FARGO — The cause of the persistent cold weather that has kept North Dakota and Minnesota shivering amid below-normal temperatures could lie far away in the churning waters of the northern Pacific Ocean.

Paradoxically, a mass of abnormally warm water off the Pacific coast appears to be disrupting the jet stream in a way that — more often than not in recent months — has funneled colder-than-normal air over the Northern Plains and Upper Midwest.

Some call the disruptive mass of warm water “the blob.”

That appears to be the likely explanation for the persistently cold weather in the region at a time when much of the globe, including Alaska and most of the western and southern United States, has been consistently warm.

This October, in fact, was the warmest on record globally.

But certainly not in North Dakota and Minnesota.

John Wheeler, WDAY chief meteorologist, believes “the blob” could explain the cold weather that has dominated the region.

Warm water in the Pacific can cause a high-pressure “ridge” that can align the jet stream to scoop cold air from the far-north latitudes and send it swooping down upon the Northern Plains and Upper Midwest.

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Ocean “heat waves” have long been influencing the weather, but their strength and duration could be increasing with ocean temperatures rising worldwide, Wheeler said.

He’s quick to add that the Pacific had a similar mass of warm water during the 2014-15 winter, which in this area was not particularly cold.

“So the warm blob does not equate to cold weather in North Dakota and Minnesota,” Wheeler said. “It’s not as simple as one thing causing another — it’s never as simple as that.”

Adnan Akyüz, the North Dakota state climatologist, agreed that the blob of warm water in the Pacific was to blame for the spell of mostly cold weather.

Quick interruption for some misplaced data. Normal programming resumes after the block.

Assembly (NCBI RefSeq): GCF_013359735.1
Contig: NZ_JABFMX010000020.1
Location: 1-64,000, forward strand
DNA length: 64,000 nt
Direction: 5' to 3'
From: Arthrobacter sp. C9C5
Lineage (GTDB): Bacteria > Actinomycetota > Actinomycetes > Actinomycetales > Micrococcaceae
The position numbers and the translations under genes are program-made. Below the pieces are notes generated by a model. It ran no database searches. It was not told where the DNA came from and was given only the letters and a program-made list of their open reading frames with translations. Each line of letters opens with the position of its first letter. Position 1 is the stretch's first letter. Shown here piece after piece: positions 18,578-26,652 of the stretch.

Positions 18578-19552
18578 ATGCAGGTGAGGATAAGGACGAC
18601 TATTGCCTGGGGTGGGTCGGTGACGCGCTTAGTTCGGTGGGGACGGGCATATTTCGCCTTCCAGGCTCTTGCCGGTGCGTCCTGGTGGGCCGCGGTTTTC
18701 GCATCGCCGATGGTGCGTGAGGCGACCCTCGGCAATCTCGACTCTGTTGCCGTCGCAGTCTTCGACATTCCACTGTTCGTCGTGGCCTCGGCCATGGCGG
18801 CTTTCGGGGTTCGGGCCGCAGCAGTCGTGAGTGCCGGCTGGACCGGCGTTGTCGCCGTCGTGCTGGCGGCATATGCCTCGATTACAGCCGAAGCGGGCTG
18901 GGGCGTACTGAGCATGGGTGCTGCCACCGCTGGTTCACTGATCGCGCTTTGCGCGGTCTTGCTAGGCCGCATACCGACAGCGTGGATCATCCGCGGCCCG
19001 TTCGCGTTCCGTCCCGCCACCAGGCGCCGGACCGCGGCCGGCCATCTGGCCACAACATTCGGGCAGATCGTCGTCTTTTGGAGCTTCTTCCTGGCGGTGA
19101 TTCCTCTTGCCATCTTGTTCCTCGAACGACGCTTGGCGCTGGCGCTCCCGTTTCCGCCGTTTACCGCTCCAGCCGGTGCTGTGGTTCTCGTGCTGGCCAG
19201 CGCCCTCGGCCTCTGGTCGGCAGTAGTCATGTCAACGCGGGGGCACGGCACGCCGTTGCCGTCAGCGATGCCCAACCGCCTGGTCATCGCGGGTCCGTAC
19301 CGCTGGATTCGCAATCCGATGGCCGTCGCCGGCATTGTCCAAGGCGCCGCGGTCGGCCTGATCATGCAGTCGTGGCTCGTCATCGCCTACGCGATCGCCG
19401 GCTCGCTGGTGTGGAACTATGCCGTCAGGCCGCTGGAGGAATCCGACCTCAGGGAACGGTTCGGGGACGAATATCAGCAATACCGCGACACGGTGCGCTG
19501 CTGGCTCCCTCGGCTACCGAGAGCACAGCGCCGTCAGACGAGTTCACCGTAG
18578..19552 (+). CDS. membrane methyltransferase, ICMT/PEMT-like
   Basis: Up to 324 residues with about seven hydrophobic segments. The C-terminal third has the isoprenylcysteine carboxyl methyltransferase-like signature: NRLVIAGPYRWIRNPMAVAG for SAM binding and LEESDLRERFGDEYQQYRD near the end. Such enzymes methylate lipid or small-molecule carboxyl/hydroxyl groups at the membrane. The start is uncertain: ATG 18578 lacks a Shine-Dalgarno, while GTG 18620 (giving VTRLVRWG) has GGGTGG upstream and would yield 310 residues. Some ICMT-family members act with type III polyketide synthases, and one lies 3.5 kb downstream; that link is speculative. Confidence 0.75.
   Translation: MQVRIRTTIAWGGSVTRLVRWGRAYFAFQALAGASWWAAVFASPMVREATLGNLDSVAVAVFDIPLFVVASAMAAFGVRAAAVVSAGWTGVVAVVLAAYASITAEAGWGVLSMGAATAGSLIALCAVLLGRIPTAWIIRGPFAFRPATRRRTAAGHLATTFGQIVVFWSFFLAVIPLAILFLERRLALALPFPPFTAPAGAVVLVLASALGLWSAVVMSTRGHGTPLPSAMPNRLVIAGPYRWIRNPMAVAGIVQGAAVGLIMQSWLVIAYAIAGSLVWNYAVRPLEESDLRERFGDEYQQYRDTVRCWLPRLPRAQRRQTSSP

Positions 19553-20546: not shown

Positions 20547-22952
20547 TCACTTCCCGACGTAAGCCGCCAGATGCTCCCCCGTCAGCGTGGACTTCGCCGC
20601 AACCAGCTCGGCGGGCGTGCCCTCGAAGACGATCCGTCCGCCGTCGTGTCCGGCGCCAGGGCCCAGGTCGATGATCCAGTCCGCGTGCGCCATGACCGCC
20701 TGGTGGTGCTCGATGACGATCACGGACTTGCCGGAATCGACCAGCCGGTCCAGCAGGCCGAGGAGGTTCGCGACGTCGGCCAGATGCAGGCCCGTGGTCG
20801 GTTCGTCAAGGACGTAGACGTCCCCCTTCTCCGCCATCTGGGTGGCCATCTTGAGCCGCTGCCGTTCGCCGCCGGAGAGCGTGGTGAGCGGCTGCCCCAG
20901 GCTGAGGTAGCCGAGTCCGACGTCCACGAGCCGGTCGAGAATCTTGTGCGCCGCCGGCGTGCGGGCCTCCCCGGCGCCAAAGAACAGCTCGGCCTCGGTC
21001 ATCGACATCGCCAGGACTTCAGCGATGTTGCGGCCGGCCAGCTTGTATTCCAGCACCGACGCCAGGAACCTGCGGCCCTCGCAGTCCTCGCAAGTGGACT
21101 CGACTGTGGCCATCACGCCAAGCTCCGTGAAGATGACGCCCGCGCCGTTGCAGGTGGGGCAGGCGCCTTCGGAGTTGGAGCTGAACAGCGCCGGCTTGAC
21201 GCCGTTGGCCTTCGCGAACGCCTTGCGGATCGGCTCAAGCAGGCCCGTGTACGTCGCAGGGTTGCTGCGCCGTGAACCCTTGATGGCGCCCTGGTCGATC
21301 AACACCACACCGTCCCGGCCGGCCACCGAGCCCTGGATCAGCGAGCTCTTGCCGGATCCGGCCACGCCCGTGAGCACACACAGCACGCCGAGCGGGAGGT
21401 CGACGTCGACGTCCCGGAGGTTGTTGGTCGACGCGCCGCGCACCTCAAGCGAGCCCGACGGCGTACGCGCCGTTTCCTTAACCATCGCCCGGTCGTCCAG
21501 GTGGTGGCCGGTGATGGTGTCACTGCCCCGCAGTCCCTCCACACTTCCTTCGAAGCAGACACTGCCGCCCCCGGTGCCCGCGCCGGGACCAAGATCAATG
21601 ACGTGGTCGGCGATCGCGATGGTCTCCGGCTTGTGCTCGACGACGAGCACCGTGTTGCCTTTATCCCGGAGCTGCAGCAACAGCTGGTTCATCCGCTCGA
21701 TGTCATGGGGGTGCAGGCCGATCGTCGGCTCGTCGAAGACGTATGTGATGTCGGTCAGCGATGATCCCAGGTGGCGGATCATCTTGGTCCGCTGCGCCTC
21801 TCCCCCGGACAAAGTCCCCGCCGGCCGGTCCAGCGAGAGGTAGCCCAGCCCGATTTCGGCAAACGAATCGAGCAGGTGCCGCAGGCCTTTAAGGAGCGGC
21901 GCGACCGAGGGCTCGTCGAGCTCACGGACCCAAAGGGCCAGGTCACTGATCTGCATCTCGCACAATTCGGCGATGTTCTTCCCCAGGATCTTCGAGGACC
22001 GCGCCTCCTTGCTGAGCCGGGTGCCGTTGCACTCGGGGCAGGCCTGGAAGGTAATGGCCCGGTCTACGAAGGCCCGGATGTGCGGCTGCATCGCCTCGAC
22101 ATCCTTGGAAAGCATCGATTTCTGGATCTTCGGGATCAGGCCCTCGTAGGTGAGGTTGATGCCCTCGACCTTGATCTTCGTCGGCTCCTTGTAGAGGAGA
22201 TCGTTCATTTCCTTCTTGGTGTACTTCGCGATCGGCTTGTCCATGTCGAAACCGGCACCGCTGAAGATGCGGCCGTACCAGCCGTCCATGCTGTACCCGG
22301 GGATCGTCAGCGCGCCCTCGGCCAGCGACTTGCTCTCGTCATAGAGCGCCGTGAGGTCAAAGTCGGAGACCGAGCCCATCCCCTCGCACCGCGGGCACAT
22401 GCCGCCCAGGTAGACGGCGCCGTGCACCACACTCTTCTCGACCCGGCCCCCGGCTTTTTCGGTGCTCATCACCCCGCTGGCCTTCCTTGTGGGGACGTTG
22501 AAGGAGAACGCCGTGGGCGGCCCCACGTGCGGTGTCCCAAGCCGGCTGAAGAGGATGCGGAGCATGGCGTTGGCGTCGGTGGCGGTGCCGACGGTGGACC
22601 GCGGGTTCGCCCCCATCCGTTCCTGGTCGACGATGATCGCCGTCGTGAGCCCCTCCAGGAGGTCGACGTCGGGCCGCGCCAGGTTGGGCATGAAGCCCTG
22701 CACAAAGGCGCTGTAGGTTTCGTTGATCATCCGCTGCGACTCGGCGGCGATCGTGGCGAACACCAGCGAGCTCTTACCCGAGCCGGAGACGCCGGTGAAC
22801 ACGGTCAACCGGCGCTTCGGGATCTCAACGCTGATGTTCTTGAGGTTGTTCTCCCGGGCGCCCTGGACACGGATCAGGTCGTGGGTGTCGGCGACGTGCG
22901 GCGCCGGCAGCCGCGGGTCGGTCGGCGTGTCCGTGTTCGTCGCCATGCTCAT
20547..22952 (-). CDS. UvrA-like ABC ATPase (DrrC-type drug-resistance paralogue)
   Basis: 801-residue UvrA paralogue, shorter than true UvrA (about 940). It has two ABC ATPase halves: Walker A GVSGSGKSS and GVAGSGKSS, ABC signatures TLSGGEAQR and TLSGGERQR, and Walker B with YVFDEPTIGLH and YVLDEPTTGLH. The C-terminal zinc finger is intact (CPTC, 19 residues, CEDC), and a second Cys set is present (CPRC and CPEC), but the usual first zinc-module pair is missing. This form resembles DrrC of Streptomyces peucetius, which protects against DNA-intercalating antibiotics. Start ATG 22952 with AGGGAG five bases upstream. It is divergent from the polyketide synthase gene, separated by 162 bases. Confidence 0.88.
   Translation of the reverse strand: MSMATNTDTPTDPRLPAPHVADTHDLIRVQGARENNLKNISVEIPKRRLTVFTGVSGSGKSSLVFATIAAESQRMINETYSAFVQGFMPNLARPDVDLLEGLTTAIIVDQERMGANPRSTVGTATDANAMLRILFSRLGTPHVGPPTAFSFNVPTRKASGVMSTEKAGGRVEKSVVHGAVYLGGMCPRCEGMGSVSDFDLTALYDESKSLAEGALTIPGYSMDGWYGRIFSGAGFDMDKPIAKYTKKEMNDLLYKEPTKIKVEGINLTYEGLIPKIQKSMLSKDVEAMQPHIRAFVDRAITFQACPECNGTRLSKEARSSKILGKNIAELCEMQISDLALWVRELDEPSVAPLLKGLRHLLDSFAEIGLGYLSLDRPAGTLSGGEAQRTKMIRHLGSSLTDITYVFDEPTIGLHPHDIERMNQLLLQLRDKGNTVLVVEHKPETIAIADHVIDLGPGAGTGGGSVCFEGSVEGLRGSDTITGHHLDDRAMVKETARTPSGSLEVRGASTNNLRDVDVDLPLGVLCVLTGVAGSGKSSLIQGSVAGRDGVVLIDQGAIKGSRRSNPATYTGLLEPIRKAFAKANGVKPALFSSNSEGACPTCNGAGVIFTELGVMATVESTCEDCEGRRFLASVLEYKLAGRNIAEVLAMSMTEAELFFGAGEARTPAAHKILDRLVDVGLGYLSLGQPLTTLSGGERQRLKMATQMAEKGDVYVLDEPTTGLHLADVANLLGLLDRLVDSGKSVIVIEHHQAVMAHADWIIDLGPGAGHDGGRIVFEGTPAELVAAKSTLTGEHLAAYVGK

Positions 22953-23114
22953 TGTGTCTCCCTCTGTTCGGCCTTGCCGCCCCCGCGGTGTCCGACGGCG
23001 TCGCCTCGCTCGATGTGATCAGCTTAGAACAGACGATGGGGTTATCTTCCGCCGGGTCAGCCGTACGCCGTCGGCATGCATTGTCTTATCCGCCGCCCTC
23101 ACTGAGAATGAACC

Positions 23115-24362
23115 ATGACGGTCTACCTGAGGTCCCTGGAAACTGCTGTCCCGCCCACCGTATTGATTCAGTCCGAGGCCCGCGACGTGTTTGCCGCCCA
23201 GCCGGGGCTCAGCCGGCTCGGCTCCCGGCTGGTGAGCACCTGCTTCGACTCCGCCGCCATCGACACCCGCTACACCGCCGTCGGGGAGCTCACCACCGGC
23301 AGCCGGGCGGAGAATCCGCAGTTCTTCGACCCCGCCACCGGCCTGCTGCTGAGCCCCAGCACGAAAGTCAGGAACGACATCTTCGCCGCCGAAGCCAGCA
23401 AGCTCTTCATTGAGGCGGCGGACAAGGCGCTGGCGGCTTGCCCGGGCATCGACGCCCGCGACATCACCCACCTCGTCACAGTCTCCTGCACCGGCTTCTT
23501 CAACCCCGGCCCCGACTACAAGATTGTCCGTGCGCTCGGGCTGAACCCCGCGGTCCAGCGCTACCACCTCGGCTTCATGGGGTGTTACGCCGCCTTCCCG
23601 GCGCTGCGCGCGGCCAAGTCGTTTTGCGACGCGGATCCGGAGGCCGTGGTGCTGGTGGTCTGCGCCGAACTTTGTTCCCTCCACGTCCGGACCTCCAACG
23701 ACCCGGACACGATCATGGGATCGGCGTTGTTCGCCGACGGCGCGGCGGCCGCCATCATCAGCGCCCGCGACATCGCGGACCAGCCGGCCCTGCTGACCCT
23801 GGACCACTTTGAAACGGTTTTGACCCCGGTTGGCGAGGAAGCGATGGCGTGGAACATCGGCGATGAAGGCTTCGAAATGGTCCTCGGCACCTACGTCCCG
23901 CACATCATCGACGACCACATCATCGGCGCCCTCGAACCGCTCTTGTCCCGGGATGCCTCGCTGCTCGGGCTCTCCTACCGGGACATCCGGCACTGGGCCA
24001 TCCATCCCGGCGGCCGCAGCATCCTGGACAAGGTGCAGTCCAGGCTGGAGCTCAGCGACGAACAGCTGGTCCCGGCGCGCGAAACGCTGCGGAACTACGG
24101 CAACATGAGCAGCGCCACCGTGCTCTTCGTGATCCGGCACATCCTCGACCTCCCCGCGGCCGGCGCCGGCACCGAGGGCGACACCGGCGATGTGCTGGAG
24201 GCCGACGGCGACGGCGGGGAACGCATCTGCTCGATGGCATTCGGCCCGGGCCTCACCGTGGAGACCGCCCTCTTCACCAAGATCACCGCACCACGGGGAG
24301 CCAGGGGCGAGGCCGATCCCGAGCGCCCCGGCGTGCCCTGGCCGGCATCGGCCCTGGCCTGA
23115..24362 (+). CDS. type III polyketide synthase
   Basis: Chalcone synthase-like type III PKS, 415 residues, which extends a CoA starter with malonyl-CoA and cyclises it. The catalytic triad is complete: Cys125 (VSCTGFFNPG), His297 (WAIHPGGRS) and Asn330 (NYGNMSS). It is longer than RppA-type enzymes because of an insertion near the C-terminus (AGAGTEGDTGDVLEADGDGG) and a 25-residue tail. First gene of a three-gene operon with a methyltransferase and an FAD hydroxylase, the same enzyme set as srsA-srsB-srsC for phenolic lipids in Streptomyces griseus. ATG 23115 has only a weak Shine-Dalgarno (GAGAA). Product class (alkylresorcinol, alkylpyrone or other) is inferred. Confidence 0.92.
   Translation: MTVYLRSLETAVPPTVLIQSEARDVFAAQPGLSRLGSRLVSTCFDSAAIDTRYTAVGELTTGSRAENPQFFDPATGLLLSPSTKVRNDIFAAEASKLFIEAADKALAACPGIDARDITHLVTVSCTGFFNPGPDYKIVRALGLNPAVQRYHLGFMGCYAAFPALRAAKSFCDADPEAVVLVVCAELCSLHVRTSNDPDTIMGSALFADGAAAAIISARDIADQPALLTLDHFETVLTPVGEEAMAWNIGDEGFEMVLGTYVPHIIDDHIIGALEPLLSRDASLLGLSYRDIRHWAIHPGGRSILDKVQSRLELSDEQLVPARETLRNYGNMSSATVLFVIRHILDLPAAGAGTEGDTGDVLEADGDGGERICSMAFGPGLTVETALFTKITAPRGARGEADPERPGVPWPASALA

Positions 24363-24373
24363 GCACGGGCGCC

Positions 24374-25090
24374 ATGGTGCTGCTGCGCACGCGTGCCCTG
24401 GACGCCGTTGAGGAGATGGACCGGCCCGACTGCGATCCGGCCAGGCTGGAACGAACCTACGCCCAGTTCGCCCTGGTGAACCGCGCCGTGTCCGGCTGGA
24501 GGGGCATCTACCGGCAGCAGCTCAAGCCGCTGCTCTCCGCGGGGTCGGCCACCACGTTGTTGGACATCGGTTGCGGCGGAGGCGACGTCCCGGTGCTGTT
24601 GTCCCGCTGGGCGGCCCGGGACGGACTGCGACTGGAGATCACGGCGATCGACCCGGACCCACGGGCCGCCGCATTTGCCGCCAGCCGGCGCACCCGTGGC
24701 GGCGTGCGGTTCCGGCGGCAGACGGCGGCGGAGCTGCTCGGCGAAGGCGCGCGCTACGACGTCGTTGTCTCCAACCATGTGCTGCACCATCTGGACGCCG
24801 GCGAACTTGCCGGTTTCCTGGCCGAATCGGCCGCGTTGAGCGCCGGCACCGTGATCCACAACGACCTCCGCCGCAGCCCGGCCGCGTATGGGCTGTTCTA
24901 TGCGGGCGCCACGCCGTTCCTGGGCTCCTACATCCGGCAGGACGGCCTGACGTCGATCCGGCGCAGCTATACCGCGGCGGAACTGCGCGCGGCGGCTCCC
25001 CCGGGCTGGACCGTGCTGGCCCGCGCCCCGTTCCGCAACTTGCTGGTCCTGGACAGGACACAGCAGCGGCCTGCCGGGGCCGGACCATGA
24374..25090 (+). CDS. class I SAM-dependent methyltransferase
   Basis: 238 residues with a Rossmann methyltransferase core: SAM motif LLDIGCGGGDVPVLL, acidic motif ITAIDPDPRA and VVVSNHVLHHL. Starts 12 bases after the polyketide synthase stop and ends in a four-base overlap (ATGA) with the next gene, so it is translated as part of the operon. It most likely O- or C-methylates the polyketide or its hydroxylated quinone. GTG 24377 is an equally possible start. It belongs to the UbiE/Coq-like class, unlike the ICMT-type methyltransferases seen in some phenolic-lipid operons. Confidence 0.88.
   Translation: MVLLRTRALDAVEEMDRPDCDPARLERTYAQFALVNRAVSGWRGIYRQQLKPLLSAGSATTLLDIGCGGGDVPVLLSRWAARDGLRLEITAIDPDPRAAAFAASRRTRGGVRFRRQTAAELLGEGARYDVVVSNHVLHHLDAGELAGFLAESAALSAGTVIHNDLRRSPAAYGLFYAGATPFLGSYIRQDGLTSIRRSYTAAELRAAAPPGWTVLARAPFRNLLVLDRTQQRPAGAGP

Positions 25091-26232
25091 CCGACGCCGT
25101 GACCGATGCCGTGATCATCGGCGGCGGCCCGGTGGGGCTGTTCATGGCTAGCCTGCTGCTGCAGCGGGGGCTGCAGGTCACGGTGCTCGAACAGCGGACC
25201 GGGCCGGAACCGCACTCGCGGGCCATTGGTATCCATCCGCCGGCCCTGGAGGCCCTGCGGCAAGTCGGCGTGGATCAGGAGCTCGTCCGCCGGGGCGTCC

“That is why we have been experiencing colder-than-average temperatures,” he said, adding cold weather caused by the meandering jet stream is nothing new.

It’s important to note, Wheeler said, that in spite of the area’s recent run of mostly cold weather, this millennium so far is running mostly warm.

“We’re actually getting not more frequent cold snaps but less frequent cold snaps,” he said. “My stance is not that we’re headed for a string of cold winters here. The evidence is clearly not (pointing to) that.”

For about three years, from the fall of 2008 through the spring of 2011, the area experienced a period of mostly cold weather — but that period falls within a longer period of generally warmer weather, Wheeler said.

As for the approaching winter, the Climate Prediction Center recently issued an outlook predicting a higher probability for cold and wet weather January through March.

Current and near-term weather patterns suggest cold weather will continue through around Christmas, said Bill Barrett, a National Weather Service meteorologist.

The blob thesis “sounds pretty reasonable” for explaining the area’s persistent, mostly cold weather, he said.

Citing other weather patterns, Barrett said, “For the short term, we’re still going to be in this pattern with cold dominating.”